Rasagiline is an inhibitor of monamine oxidase used as adjunctive therapy in combination with levodopa and carbidopa in the management of Parkinson’s disease. Rasagiline has been associated with a low rate of serum enzyme elevations during treatment, but has not been linked to instances of clinically apparent acute liver injury.
Rasagiline (ra sa' ji leen) is a specific inhibitor of monamine oxidase (MAO) type B which is a major enzyme in the pathway of dopamine and levodopa metabolism. As a result, rasagiline results in an increase in the bioavailability of levodopa enhancing and increasing the duration of its effects in Parkinson disease. Rasagiline was approved for use in the United States in 2007, the second MAO-B inhibitor approved for use in the therapy of Parkinson disease, and is currently approved for use monotherapy or as an adjunct to levodopa therapy. Rasagiline is available in tablets of 0.5 and 1 mg under the brand name of Azilect. Rasagiline is typically given in oral doses of 0.5 to 1 mg once daily alone or in combination with levodopa/carbidopa. Common side effects include headache, nausea, dizziness, agitation, delusions, insomnia, orthostatic hypotension, dry mouth, headache and gastrointestinal upset – most of which are attributable to enhanced dopaminergic effects.
Rasagiline has been reported to cause serum enzyme elevations in a small proportion of patients treated long term, although the abnormalities were usually mild and self-limiting. Rasagiline has not been implicated in cases of acute liver injury, but such instances have been reported with other less specific MAO inhibitors.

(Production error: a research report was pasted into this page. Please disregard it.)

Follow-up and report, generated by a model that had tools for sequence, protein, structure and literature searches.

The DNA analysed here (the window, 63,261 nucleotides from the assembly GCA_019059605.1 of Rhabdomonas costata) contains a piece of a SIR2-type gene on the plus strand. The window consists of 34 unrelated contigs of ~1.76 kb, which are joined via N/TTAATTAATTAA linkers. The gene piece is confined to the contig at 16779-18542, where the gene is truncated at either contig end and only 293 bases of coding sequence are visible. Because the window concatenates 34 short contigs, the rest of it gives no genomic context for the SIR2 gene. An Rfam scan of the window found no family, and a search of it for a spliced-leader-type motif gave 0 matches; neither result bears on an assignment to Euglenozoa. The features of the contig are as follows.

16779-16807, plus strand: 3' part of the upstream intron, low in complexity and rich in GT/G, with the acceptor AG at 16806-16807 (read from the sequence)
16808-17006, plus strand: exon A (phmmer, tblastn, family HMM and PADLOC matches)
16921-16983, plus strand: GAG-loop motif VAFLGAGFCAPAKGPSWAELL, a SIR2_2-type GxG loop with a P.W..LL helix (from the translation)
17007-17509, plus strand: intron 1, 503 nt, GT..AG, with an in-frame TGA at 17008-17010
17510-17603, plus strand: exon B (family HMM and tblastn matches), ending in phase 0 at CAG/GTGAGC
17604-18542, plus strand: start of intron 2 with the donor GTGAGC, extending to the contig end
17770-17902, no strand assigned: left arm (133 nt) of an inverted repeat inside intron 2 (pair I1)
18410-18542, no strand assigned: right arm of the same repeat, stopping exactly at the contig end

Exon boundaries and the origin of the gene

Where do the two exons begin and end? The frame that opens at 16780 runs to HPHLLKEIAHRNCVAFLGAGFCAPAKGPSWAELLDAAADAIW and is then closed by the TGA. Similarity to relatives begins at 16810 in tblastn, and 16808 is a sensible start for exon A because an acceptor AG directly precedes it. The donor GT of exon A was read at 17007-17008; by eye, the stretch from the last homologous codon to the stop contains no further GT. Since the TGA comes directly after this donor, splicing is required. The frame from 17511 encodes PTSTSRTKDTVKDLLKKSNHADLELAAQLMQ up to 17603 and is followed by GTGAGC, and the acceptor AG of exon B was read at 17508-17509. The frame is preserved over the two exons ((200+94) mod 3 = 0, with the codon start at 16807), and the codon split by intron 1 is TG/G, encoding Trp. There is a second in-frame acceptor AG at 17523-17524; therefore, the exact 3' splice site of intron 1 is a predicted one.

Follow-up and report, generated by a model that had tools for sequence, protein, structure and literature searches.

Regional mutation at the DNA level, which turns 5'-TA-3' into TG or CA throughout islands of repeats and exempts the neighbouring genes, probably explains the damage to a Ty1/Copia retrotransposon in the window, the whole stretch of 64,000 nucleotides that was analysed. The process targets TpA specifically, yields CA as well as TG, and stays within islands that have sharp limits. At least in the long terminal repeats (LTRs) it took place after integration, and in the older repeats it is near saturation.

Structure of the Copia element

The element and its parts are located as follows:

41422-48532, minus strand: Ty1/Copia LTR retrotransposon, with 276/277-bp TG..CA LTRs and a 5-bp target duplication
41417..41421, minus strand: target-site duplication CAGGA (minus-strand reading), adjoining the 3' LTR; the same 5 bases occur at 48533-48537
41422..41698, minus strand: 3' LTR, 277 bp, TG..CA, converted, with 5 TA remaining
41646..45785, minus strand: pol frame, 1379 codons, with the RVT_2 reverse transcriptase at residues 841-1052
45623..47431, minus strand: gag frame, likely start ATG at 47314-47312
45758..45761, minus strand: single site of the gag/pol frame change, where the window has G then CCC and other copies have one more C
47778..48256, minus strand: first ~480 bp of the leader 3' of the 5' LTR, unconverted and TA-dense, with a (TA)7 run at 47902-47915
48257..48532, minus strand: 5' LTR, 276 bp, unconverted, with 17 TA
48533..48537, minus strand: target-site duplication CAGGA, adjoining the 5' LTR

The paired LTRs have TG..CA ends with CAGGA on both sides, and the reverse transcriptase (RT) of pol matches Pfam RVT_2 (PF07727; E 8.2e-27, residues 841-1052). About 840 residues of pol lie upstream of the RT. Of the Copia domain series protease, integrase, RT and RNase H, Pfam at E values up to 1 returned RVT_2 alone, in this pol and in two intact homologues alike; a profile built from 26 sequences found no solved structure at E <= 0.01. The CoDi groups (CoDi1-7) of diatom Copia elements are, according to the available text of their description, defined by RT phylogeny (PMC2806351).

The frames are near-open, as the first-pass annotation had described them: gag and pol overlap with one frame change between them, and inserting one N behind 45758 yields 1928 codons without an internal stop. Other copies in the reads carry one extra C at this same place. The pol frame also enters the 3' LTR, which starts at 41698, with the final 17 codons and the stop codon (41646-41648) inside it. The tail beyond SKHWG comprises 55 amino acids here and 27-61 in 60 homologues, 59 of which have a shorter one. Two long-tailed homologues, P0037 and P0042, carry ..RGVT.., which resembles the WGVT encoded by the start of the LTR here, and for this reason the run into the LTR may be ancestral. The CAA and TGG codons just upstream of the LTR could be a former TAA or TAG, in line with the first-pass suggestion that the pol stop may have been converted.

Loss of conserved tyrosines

Likelihood score: E (unlikely cause of clinically apparent liver injury).
Mechanism of Injury
Rasagiline is extensively metabolized by the hepatic cytochrome P450 system (CYP 1A2) to inactive metabolites.
Outcome and Management
Instances of hepatotoxicity attributed to rasagiline have been mild and self-limiting elevations in serum enzymes. No instances of severe liver injury, acute liver failure, chronic hepatitis or vanishing bile duct syndrome have been linked to rasagiline use.
Other Drugs in the Subclass, Selective MAO Inhibitors: Selegiline
REPRESENTATIVE TRADE NAMES
Rasagiline – Generic, Azilect®
Product labeling at DailyMed, National Library of Medicine, NIH
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updated: 21 July 2017
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